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posted by janrinok on Wednesday May 16 2018, @11:51PM   Printer-friendly
from the as-easy-as-that dept.

Most strings found on the Internet are encoded using a particular unicode format called UTF-8. However, not all strings of bytes are valid UTF-8. The rules as to what constitute a valid UTF-8 string are somewhat arcane. Yet it seems important to quickly validate these strings before you consume them.

In a previous post, I pointed out that it takes about 8 cycles per byte to validate them using a fast finite-state machine. After hacking code found online, I showed that using SIMD instructions, we could bring this down to about 3 cycles per input byte.

Is that the best one can do? Not even close.

Many strings are just ASCII, which is a subset of UTF-8. They are easily recognized because they use just 7 bits per byte, the remaining bit is set to zero. Yet if you check each and every byte with silly scalar code, it is going to take over a cycle per byte to verify that a string is ASCII. For much better speed, you can vectorize the problem in this manner:

Essentially, we are loading up a vector register, comparing each entry with zero and turning on a flag (using a logical OR) whenever a character outside the allowed range is found. We continue until the very end no matter what, and only then do we examine our flags.

We can use the same general idea to validate UTF-8 strings. My code is available.

If you are almost certain that most of your strings are ASCII, then it makes sense to first test whether the string is ASCII, and only then fall back on the more expensive UTF-8 test.

So we are ten times faster than a reasonable scalar implementation. I doubt this scalar implementation is as fast as it can be… but it is not naive… And my own code is not nearly optimal. It is not using AVX to say nothing of AVX-512. Furthermore, it was written in a few hours. I would not be surprised if one could double the speed using clever optimizations.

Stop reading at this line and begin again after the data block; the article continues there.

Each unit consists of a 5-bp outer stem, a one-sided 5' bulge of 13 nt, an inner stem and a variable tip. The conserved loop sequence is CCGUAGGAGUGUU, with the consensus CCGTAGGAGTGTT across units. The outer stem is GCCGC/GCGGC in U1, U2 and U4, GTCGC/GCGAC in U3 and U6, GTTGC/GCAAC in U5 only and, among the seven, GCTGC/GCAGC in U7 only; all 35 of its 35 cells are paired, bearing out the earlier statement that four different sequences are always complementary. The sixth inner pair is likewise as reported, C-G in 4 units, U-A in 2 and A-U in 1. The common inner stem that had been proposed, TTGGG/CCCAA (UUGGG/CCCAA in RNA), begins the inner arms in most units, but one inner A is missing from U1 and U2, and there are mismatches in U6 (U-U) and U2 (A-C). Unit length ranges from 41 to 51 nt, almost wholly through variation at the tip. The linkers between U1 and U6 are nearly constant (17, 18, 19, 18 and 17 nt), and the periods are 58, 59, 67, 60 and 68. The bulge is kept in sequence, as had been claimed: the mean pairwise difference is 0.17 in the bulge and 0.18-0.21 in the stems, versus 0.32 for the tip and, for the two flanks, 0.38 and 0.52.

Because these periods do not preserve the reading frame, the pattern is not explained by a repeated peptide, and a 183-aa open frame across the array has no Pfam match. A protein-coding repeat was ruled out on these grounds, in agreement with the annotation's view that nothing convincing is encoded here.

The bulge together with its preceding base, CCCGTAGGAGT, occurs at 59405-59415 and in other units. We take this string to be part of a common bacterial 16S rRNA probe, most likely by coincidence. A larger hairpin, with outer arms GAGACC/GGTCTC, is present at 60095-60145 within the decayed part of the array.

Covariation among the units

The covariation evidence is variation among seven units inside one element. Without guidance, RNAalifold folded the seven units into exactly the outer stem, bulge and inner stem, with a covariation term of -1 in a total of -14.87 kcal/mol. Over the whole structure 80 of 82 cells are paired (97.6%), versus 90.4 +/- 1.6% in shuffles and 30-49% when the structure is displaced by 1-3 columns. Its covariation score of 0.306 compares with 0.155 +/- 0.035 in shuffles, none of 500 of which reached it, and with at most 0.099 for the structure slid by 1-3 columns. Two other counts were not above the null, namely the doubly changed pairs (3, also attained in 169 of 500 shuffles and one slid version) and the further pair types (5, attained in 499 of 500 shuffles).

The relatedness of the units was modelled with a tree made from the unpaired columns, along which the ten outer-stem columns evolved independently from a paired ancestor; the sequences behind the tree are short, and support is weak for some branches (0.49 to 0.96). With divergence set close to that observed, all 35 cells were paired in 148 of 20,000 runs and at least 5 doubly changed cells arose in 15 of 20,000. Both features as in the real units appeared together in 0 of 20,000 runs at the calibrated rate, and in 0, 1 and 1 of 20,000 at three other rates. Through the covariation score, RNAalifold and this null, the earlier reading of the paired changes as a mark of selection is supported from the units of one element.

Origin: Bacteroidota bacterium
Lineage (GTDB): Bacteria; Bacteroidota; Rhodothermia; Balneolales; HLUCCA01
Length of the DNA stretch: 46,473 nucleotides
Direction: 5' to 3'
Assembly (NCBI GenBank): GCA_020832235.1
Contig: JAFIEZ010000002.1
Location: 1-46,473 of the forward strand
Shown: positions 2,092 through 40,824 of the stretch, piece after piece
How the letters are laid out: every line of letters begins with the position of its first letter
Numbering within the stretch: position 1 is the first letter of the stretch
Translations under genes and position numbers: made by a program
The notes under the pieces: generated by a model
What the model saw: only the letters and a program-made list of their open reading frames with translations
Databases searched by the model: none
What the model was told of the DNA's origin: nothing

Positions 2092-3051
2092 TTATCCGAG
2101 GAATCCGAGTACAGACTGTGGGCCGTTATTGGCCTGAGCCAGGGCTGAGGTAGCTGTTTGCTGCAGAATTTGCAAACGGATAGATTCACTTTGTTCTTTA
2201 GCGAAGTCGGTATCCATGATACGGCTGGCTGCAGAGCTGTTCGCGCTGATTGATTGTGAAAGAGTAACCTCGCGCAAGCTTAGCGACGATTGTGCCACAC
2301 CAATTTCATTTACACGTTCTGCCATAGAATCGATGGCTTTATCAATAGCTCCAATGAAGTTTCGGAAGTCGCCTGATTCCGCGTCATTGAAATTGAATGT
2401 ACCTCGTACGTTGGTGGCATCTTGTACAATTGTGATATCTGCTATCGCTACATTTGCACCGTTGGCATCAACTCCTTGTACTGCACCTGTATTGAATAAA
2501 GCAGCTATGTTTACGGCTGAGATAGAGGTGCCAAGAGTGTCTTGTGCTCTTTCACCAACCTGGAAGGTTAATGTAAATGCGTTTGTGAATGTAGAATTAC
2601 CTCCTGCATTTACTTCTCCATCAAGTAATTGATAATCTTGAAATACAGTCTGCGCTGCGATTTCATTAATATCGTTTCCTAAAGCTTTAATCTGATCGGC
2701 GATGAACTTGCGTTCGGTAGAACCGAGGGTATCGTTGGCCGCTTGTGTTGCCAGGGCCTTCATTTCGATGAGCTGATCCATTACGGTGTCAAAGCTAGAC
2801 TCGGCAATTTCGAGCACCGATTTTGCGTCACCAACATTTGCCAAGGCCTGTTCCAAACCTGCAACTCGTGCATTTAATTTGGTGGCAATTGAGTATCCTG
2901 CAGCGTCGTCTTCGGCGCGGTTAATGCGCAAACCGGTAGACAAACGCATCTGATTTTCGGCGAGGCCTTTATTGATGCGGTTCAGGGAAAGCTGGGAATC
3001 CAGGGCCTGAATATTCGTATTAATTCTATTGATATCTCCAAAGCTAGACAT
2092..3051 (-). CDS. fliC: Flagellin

The exact results will depend on your machine and its configuration. But you can try the code.

The counter-rolling can actually be done logarithmically by shifting 1,2,4, etc., eg:

[4,0,0,0] + ([0,4,0,0]-[1,1,1,1]) = [4,3,0,0]

[4,3,0,0] + ([0,0,4,3]-[2,2,2,2]) = [4,3,2,1]

but in this case the distances didn’t seem big enough to beat the linear method.

The distances can even be larger than the register size I believe if the last value in the register is carried over to the first element of the next. It’s a good way to delineate inline variable-length encodings.

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  • (Score: 3, Interesting) by ledow on Thursday May 17 2018, @07:55AM (4 children)

    by ledow (5567) on Thursday May 17 2018, @07:55AM (#680656) Homepage

    To be honest, would all these optimisations not be wiped out by compiler optimisations anyway?

    I'm fairly sure there isn't a modern compiler on the planet that would actually organise a tight for loop test on consecutive bytes in such a linear fashion.

    And "whether the string is ASCII or not" is fairly useless as a test if you're running it against enough strings for cycle counts to actually matter. Especially when your next action is a much more complicated "interpret the UTF-8 including control characters" and passing through to some other process (font rendering, file writing, etc.).